Attention Cannabis Businesses – Be Prepared To Prove Your Deductions To The IRS
Generally, businesses can deduct ordinary and necessary business expenses under I.R.C. §162. This includes wages, rent, supplies, etc. However, in 1982 Congress added I.R.C. §280E. Under §280E, taxpayers cannot deduct any amount for a trade or business where the trade or business consists of trafficking in controlled substances…which is prohibited by Federal law. Cannabis, including medical marijuana, is a controlled substance. What this means is that dispensaries and other businesses trafficking in cannabis have to report all of their income and cannot deduct rent, wages, and other expenses, making their marginal tax rate substantially higher than most other businesses.
A cannabis business can still deduct its Cost Of Goods Sold (“COGS”). Cost of goods sold are the direct costs attributable to the production of goods. For a marijuana reseller this includes the cost of cannabis itself and transportation used in acquiring cannabis. To the extent greater costs of doing business can be legitimately included in COGS that will that result in lower taxable income.
But in any case, the burden of proof whether it be in an IRS audit or in Court is on the taxpayer to prove the deductions the taxpayer are claiming.
Fifth Amendment Claim
In Feinberg v. Commissioner, 2019 U.S. App. LEXIS 5618 (10th Cir. 2019), click here for the opinion, the taxpayers were shareholders in an LLC selling medical marijuana in Colorado where such sales are legal. The cannabis business was examined by the IRS and the taxpayers refused to provide backup to the deductions the taxpayers were claiming on the basis that this violated their Fifth Amendment privilege. The taxpayers argued that if they produced the evidence to back up the deductions being claimed in the cannabis business, that evidence could be used against them to impose criminal liability for engaging in the trafficking of a controlled substance.
The Court rejected this concept recognizing that the Fifth Amendment privilege protects one from compulsory self-incrimination and not barring evidence that would assist in meeting a burden of production.
The Court stated “by invoking the privilege and refusing to produce the materials that might support their deductions the taxpayers no doubt made their task of proving the IRS erred in denying their deductions that much harder”. However, “a party who asserts the privilege against self-incrimination must bear the consequences of the lack of evidence [See United States v. Rylander, 460 U.S. 752 (1983)] which teaches that the taxpayers’ possible failure of proof on an issue on which they bear the burden is not compulsion for purposes of the Fifth Amendment. Therefore, we reject the taxpayers’ contention that bearing the burden of proving the IRS erred in rejecting the taxpayer’s business deduction under § 280E violated the taxpayers’ Fifth Amendment privilege”.
The Court held that, since the taxpayers bore the burden of proof without the cover of the Fifth Amendment and the taxpayers failed to provide such proof – the taxpayers lose.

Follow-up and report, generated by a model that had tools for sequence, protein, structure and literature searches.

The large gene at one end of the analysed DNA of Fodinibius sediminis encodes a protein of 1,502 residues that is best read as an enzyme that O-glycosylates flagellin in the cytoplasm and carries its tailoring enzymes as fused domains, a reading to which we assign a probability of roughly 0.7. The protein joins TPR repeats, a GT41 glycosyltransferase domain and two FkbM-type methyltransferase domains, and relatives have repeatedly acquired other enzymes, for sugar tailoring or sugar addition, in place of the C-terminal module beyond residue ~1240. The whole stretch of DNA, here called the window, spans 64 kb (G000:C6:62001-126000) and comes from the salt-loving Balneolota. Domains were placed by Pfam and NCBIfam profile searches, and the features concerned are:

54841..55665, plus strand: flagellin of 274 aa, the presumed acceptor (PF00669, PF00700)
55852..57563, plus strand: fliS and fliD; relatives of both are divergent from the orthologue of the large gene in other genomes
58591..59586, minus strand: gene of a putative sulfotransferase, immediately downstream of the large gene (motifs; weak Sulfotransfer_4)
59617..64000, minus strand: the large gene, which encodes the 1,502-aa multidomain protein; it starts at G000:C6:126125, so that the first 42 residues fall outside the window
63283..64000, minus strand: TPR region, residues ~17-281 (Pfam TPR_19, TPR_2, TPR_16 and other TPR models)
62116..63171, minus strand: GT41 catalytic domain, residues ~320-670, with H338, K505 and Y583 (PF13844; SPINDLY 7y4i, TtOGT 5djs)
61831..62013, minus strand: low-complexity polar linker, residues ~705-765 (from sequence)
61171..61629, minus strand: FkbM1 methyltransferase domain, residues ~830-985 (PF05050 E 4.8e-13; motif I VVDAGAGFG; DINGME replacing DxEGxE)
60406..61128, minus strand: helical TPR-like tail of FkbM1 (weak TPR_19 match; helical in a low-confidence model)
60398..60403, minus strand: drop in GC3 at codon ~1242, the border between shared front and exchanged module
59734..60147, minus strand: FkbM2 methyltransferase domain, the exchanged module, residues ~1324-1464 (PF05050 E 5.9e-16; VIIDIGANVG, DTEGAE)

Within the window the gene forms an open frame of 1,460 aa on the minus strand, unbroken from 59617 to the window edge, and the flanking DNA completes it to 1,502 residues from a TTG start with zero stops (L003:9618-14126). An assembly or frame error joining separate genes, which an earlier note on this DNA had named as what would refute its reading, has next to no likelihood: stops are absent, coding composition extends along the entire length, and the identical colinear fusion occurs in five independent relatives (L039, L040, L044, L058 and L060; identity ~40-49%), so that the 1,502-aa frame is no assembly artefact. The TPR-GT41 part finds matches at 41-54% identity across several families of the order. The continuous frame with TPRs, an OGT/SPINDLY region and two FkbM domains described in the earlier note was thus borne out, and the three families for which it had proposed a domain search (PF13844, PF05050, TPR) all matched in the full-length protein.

The Anti-Federal U.S. Climate
The Federal Controlled Substances Act (“CSA”) 21 U.S.C. § 812 classifies marijuana as a Schedule 1 substance with a high potential for abuse, no currently accepted medical use in treatment, and lack of accepted safety for use under medical supervision. Although you can still face federal criminal charges for using, growing, or selling weed in a manner that is completely lawful under California law and other states that have legalized cannabis, the federal authorities in the past have pulled back from targeting individuals and businesses engaged in medical marijuana activities. This pull back though has no impact on the IRS which will likely start in 2019 to more aggressively target cannabis businesses with audits.
Risk Of Getting A Big Tax Bill From IRS That You Cannot Pay
Generally, businesses can deduct ordinary and necessary business expenses under I.R.C. §162. This includes wages, rent, supplies, etc. However, in 1982 Congress added I.R.C. §280E. Under §280E, taxpayers cannot deduct any amount for a trade or business where the trade or business consists of trafficking in controlled substances…which is prohibited by Federal law. Marijuana, including medical marijuana, is a controlled substance. What this means is that dispensaries and other businesses trafficking in marijuana have to report all of their income and cannot deduct rent, wages, and other expenses, making their marginal tax rate substantially higher than most other businesses.
A cannabis business that has not properly reported its income and expenses and not engaged in the planning to minimize income taxes can face a large liability proposed by IRS reflected on a Notice Of Deficiency or tax bill.
This risk should be risk posing the greatest challenge to any cannabis business as the Federal taxation of cannabis businesses is consistent in all states and not dependent on whether local Federal prosecutors are aggressive in enforcing the illegality of cannabis or the banks unwilling to do business with the cannabis industry. This unexpected liability can put you out of business so it is important to secure qualified tax counsel to be proactive with tax planning to minimize taxes and to defend you in any tax examinations, appeals or litigation with the IRS.
What Should You Do?
While more States are legalizing cannabis, risks to the cannabis industry still exist. Considering this risks of cannabis you need to protect yourself and your investment. Level the playing field and gain the upper hand by engaging the cannabis tax attorneys at the Law Offices Of Jeffrey B. Kahn, P.C. located in Orange County (Irvine), the Inland Empire (including Ontario and Palm Springs) and other California locations. We can come up with solutions and strategies to these risks and protect you and your business to maximize your net profits.